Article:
Black and Asian infected blood victims feel let down, inquiry told

2 months ago 23

By Adina Campbell
Community affairs correspondent

Waqar Ahmad

Image caption,

Waqar Ahmad, pictured in front of the inquiry's memorial, says he feels "let down"

Some African and Asian patients who were given contaminated blood transfusions in the 1970s and 80s feel they have been "let down" compared with people who were born in the UK, an inquiry has heard.

The infected blood inquiry has heard evidence about three witnesses from Kenya and Pakistan.

All were told they probably contracted hepatitis C outside the UK.

One felt they had been "treated differently to other communities".

During the 70s and 80s an estimated 26,800 NHS patients who needed blood transfusions after surgery, childbirth or miscarriages were infected with hepatitis C. This is according to findings published by the public inquiry into the scandal, which has been described as the worst treatment disaster in the NHS.

'Let down'

Waqar Ahmad came to the UK as a teenager from Pakistan in the 1970s.

He told the inquiry in central London that he was given a blood transfusion in Newcastle upon Tyne in 1988 after having a bladder stone removed, but found out in the late 1990s he had hepatitis C.

The father of four says NHS staff then told him to keep his clothes separate from his family.

"At one point they said if you see any blood on your clothes, you must take them out and burn them or throw them away," he said.

Mr Ahmad broke down in tears while giving evidence, adding: "Within the family it was very hard and my wife didn't want me to go near the kids."

When he applied for financial support from the infected blood support scheme, the Skipton Fund, he was told there was not enough evidence that he had been given a blood transfusion in the UK.

Mr Ahmad disputes a medical document shown to the inquiry which states his infection occurred before he came to the UK, and that it was not clear how he was infected.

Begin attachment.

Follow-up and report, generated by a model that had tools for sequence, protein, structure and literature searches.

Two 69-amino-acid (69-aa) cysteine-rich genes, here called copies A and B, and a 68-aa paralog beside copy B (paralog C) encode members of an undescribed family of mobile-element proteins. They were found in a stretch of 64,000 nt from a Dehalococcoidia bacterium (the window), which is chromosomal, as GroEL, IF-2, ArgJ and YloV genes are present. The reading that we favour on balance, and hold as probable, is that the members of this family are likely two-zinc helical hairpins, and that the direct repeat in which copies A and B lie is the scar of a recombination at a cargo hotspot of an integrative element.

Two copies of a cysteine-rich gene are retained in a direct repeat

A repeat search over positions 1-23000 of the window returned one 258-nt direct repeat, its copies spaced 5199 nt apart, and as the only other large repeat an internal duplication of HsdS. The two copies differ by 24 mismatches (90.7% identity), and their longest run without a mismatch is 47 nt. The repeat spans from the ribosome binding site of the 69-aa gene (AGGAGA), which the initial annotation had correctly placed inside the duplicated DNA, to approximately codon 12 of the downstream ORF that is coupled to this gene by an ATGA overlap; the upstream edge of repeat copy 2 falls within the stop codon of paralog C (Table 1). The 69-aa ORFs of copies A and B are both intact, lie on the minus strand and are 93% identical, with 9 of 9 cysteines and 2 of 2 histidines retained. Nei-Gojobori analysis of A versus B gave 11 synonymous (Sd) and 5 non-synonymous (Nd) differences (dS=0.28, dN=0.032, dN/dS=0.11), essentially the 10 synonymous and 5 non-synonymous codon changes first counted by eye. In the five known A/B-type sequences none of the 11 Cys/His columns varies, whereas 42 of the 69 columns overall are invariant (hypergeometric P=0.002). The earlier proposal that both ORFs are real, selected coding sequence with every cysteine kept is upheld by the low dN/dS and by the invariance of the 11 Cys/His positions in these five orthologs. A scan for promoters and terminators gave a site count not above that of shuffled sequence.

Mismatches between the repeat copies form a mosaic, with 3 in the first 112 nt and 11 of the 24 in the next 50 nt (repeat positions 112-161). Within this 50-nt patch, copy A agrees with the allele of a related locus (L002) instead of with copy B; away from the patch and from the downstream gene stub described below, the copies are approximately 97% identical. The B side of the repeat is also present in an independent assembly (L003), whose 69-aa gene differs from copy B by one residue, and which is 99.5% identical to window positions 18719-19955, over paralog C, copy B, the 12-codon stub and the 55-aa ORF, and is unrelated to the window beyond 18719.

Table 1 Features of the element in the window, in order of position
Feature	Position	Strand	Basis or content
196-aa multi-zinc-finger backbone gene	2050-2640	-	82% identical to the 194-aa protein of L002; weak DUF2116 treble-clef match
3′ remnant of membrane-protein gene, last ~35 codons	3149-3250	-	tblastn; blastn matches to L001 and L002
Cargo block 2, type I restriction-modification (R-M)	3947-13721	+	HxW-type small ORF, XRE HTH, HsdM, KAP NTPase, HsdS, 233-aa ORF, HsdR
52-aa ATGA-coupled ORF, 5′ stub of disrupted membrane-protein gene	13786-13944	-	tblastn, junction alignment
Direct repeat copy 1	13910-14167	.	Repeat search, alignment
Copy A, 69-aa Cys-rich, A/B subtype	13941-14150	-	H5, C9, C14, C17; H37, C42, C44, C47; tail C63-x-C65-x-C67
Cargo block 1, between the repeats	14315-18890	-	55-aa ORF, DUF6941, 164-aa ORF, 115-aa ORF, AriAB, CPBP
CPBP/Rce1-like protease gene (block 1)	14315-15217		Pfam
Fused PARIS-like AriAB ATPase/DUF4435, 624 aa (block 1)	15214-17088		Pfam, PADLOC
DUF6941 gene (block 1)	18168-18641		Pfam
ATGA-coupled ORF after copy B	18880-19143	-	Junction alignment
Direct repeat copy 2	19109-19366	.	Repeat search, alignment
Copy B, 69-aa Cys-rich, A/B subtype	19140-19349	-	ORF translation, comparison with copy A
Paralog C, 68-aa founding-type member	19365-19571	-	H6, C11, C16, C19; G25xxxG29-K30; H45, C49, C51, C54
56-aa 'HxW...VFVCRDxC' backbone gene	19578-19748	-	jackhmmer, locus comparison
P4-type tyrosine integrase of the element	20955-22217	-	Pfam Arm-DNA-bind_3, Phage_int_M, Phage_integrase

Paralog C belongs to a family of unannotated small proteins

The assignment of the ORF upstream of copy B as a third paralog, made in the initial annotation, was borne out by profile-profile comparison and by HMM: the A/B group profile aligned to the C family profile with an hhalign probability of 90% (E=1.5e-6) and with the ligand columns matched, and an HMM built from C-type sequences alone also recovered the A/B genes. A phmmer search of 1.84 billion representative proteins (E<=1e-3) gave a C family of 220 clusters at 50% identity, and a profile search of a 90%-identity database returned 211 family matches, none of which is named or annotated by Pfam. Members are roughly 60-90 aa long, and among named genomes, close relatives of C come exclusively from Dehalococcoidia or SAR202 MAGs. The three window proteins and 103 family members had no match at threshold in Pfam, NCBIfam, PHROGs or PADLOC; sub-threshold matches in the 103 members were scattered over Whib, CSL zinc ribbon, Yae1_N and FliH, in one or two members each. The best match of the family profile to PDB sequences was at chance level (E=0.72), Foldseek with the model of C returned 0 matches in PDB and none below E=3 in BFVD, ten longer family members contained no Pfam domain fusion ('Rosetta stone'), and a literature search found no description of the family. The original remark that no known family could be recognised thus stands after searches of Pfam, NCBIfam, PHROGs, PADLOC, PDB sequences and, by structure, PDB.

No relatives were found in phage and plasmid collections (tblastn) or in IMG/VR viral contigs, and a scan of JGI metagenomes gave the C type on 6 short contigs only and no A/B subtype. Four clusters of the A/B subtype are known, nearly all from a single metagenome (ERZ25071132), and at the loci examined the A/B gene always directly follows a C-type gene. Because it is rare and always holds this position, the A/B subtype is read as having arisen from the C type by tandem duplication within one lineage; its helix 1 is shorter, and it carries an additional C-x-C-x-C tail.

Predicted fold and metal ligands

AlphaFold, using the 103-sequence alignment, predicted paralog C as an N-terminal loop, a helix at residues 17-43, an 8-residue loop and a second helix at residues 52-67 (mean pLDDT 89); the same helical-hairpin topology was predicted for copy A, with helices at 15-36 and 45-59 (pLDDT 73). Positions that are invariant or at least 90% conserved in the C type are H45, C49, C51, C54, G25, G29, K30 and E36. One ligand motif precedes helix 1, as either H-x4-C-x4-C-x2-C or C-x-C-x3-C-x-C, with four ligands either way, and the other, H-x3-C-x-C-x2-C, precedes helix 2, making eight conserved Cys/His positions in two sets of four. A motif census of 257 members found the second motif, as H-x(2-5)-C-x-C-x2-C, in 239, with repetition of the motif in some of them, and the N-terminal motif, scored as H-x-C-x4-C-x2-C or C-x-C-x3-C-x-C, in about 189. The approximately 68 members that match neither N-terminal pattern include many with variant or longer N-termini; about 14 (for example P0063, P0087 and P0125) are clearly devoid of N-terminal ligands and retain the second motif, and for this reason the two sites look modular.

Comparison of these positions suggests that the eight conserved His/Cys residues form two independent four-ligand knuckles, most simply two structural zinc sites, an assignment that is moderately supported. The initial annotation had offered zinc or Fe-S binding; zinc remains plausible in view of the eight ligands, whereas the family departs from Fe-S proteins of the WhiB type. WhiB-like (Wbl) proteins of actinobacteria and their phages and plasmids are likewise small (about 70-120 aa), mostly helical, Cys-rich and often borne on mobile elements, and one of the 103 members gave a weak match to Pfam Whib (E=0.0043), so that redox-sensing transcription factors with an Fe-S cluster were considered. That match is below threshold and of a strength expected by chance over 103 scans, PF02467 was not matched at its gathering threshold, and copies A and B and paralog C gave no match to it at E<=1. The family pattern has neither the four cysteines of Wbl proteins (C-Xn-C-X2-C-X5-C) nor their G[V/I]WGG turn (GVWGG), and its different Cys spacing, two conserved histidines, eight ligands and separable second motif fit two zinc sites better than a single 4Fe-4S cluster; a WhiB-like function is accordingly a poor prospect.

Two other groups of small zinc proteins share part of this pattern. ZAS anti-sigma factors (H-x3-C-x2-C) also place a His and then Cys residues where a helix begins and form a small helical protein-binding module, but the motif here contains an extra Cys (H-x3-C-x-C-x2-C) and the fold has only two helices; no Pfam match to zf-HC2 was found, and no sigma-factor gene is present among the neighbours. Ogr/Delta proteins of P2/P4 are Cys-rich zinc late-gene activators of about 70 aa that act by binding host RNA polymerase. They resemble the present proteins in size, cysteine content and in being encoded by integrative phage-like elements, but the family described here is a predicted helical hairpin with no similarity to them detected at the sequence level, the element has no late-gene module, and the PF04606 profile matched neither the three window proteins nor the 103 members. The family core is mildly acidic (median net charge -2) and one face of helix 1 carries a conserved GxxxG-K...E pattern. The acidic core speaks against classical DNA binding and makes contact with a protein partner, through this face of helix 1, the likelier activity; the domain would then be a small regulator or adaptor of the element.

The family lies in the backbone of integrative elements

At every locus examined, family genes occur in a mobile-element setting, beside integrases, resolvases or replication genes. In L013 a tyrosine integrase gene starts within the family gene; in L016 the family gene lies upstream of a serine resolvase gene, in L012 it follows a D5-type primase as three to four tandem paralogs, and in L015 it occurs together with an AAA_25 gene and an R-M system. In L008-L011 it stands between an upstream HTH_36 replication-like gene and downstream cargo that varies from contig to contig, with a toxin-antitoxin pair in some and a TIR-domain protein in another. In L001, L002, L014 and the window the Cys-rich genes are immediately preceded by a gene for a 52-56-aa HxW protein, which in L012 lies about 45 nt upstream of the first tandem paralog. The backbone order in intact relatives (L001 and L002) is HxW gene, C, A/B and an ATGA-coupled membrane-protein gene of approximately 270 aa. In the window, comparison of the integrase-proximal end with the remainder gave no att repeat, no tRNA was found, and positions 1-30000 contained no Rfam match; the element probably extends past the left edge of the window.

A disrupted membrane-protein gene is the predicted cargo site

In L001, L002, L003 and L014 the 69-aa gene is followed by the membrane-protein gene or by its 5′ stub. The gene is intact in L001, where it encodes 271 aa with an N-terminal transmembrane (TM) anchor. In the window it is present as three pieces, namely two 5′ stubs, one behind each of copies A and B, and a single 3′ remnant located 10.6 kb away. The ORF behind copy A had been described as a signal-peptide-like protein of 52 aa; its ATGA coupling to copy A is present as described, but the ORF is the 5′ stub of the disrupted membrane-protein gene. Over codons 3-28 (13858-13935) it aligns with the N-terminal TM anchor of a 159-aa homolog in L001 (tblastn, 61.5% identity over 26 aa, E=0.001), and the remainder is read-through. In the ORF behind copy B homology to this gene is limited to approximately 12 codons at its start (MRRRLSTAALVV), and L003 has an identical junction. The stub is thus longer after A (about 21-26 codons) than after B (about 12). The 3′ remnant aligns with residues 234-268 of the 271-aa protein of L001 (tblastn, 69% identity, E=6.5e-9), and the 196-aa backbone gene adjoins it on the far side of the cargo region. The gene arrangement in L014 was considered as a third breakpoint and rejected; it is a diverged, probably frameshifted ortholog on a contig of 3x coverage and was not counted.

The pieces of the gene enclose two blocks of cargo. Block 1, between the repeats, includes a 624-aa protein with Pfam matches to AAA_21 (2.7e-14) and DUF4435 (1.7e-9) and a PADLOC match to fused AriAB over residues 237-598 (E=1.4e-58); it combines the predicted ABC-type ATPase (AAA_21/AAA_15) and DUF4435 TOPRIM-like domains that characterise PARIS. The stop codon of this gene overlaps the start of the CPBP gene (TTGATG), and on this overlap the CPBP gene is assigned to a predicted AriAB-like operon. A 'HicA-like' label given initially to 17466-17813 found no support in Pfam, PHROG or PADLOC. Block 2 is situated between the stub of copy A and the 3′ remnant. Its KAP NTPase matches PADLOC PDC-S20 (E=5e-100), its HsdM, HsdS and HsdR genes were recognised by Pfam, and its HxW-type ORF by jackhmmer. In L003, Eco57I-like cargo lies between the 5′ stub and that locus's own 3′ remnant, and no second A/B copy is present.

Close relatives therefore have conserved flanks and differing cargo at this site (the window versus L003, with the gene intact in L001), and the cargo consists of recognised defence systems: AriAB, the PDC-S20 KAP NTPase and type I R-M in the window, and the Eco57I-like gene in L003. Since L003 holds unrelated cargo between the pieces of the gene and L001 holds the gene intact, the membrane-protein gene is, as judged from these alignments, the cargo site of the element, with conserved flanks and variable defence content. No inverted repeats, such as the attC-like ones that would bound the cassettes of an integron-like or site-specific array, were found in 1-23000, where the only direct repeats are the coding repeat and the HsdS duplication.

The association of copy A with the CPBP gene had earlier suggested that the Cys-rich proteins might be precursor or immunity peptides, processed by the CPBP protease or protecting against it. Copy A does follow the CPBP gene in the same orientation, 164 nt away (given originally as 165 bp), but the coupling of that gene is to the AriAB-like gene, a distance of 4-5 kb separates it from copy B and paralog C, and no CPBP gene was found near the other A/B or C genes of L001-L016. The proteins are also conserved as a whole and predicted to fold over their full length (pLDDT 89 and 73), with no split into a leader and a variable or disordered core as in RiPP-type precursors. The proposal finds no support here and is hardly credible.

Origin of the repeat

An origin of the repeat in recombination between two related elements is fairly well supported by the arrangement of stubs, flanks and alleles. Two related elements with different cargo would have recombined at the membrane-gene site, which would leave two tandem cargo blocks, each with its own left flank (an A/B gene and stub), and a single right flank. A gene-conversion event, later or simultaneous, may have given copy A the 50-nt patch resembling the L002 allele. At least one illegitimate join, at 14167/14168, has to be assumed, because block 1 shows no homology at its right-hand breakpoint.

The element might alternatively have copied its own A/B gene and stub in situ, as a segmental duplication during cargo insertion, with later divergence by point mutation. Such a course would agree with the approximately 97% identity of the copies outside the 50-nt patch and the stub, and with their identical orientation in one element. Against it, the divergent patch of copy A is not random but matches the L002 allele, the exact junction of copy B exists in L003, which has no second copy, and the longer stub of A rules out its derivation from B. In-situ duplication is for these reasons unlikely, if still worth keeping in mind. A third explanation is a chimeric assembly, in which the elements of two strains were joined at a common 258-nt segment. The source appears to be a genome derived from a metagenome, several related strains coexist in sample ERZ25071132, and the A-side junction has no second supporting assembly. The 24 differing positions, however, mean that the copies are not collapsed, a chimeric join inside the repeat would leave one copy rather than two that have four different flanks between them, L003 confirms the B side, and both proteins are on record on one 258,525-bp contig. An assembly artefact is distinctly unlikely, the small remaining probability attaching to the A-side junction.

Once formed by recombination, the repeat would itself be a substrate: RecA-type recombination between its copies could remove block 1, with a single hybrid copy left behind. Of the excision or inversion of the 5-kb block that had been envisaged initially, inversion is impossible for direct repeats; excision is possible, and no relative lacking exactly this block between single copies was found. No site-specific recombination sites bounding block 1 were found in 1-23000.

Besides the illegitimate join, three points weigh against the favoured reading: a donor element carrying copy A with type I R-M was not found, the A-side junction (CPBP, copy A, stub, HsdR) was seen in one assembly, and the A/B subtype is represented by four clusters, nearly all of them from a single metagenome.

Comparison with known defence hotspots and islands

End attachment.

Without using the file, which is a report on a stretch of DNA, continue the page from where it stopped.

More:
"It is very annoying when they try to blame someone else," he said.

"We've been treated differently to other communities. We've been let down."

Samantha May, from the charity the Hepatitis C Trust, says she has seen a trend in black, Asian and other ethnic minority victims of the contaminated blood scandal facing an "additional set of barriers" to white victims.

"Many of them are reluctant to engage with medical professionals and there's a lot of fear and mistrust," she told the BBC after the hearing.

"It's very difficult to get medical records from the 1970s, and assumptions are made about the countries they're from."

Regina Alleys Cheptaniu, 76, who is originally from Kenya but moved to the UK in the early 1970s, was another witness to give evidence on Friday.

She says she was given a blood transfusion in England in 1973 after the birth of her third child, and later caught hepatitis C.

But she was refused financial help from the infected blood support scheme, which said she was more likely to have been infected outside the UK.

"It wasn't true," she told the inquiry.

"My body is completely different from the time I came to this country before I had my daughter."

Ms Cheptaniu added that having hepatitis C "makes me feel lonely", and she worries that people "will think I'm dirty".

"I worry about it and I don't talk about it," she says.

The inquiry also heard from Ghufrana Qureshi, who said her mother was infected with hepatitis C after a blood transfusion in West Yorkshire following a miscarriage in the 1970s.

Their family also had their application for financial help refused. They were told there was no evidence of a blood transfusion and that Pakistan, the country she was born in, had a 90% prevalence of hepatitis C, the inquiry heard.

"I feel she wasn't believed," said Ms Qureshi.

"Would it have been the same if she was a white British person? Her comments weren't taken on board."

Image caption,

Ghufrana Qureshi questions whether a white British patient would have been treated differently to her mother

Ms Qureshi added that her mother missed out on help and support after her hepatitis C diagnosis "because of the language barrier".

Closing the hearing on Friday, inquiry lead Sir Brian Wagstaff said it was important that people came forward with their experiences - especially those who feel stigmatised.

The public inquiry into the infected blood scandal has been taking evidence since 2019 and is expected to publish its final report early next year.

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